- The Washington Times - Sunday, August 1, 2004

RILEYVILLE, Va. (AP) — From as far away as Georgia and Arizona, amateur archaeologists have gathered in the woods of Page County for the thrill of unearthing a piece of pottery or a carved deer bone.

Under the guidance of professionals with the U.S. Forest Service, the group is scraping aside dirt at a 16th-century American Indian settlement, searching for remnants of the civilization.

Researchers think the site could be one of the most important in the state, partly because it bears clues about the first Indian contact with Europeans.

As many as 100 volunteers for the Forest Service and the Archaeological Society of Virginia have worked this month on the excavation site, in the northern part of the county in a clearing just off the South Fork of the Shenandoah River.

So far, the effort has turned up mostly 500-year-old trash, which is “the best stuff to find,” said Michael Barber, an archaeologist with the Forest Service in Roanoke.

“Broken pottery and tools, remnants of meals — if you want to know about people, the trash is the best way to get to know them,” he said.

Mr. Barber pieced together two parts of a deer bone that had been cut and sharpened lengthwise into a foot-long tool.

Known as a “beamer,” the tool was used to scrape hair and fat from deer hide. An abundance of them would signify that the settlement, which probably had about 200 residents, was part of a growing eastern trade in deer skin, coveted by the newly arrived European settlers, Mr. Barber said.

The site first was excavated in 1939, when it still was owned by a local farming family. The Forest Service has owned the land for about 30 years, Mr. Barber said.

Although state archaeologists long have been aware of the importance of the area, getting enough hands to explore it has been a challenge, said Joel Hardison, president of the Archaeological Society.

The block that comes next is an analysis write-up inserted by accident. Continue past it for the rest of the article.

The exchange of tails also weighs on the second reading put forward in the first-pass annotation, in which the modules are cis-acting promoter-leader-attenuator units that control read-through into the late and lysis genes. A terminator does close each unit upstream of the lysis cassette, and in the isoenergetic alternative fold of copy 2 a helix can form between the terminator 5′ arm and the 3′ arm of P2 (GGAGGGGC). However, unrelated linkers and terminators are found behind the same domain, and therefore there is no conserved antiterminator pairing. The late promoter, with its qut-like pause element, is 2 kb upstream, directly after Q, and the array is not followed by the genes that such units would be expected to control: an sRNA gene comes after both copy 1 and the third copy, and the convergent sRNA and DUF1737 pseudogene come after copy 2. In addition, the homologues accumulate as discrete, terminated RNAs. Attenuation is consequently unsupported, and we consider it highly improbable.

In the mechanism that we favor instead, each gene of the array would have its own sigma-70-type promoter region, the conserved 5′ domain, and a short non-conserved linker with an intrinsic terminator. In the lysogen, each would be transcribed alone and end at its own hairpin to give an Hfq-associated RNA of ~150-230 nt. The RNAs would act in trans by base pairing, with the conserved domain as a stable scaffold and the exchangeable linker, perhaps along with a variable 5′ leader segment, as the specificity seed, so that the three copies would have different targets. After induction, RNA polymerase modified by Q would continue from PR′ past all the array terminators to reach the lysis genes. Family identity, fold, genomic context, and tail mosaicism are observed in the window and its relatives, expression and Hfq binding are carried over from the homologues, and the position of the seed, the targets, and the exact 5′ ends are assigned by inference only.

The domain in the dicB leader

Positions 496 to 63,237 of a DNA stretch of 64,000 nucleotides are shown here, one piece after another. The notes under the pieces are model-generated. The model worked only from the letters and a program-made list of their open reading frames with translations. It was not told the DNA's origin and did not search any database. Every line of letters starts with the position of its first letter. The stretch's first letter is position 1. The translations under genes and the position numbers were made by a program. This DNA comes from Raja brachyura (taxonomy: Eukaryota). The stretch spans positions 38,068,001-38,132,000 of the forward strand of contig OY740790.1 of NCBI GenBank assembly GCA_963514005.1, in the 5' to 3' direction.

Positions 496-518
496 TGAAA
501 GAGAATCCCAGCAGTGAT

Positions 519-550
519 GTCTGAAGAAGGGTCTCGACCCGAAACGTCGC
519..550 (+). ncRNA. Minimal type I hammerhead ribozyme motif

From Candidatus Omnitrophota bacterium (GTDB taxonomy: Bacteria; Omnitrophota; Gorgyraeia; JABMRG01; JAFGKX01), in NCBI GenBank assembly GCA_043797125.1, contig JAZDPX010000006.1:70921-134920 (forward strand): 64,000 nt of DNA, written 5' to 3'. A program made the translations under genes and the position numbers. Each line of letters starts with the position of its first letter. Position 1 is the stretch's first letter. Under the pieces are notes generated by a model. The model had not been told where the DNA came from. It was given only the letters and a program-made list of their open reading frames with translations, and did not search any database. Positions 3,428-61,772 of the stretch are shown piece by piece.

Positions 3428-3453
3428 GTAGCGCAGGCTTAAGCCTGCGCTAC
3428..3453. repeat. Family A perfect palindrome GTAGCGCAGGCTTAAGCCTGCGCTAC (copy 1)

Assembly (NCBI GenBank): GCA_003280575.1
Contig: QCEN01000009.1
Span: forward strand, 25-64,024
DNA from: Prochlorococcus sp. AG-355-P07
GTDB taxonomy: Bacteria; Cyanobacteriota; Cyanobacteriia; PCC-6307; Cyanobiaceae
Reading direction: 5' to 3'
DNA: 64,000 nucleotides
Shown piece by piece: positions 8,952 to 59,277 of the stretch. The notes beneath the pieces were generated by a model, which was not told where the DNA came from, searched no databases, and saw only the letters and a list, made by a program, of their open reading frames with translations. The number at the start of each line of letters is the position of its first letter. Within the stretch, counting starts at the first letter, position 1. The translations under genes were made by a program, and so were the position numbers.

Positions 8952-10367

The Forest Service attracted volunteers through its “Passport In Time” heritage program, which allows amateurs to share in archaeological and historic research.

The society brought in volunteers as one of its annual field schools, where ordinary people can hone or apply their skills, Mr. Hardison said.

“We have people who do it year after year,” he said. “This is their passion. They’ve always had an interest in archaeology, but they’ve never had the chance to do it firsthand.”

The excavation in the remote portion of the northern Shenandoah Valley wouldn’t be possible without the volunteers, Mr. Hardison said.

Since July 12, workers young and old have been clearing, scraping and cataloging pieces of cookware and tools.

They also have carefully examined discolorations beneath the surface that might indicate a cooking area or a post that held up a home or a settlement palisade, the workers said.

Bev Barker, a third-grade teacher at Clover Hill Elementary School in Chesterfield County, has trained with the society for several years to be a field technician.

“Just having the chance to get involved in this program has been an amazing experience for me,” Miss Barker said. She is thrilled, she added, “that someone can sort of come off the streets with a desire to learn about it and … learn excavation.”

Her dig square has been the “calamity square,” Miss Barker joked. It has had walls collapse and a local cow prance over the meticulously sectioned depressions.

But she did make a beamer discovery that increased the dig’s count to 12 scrapers, and the site’s overall count to 100.

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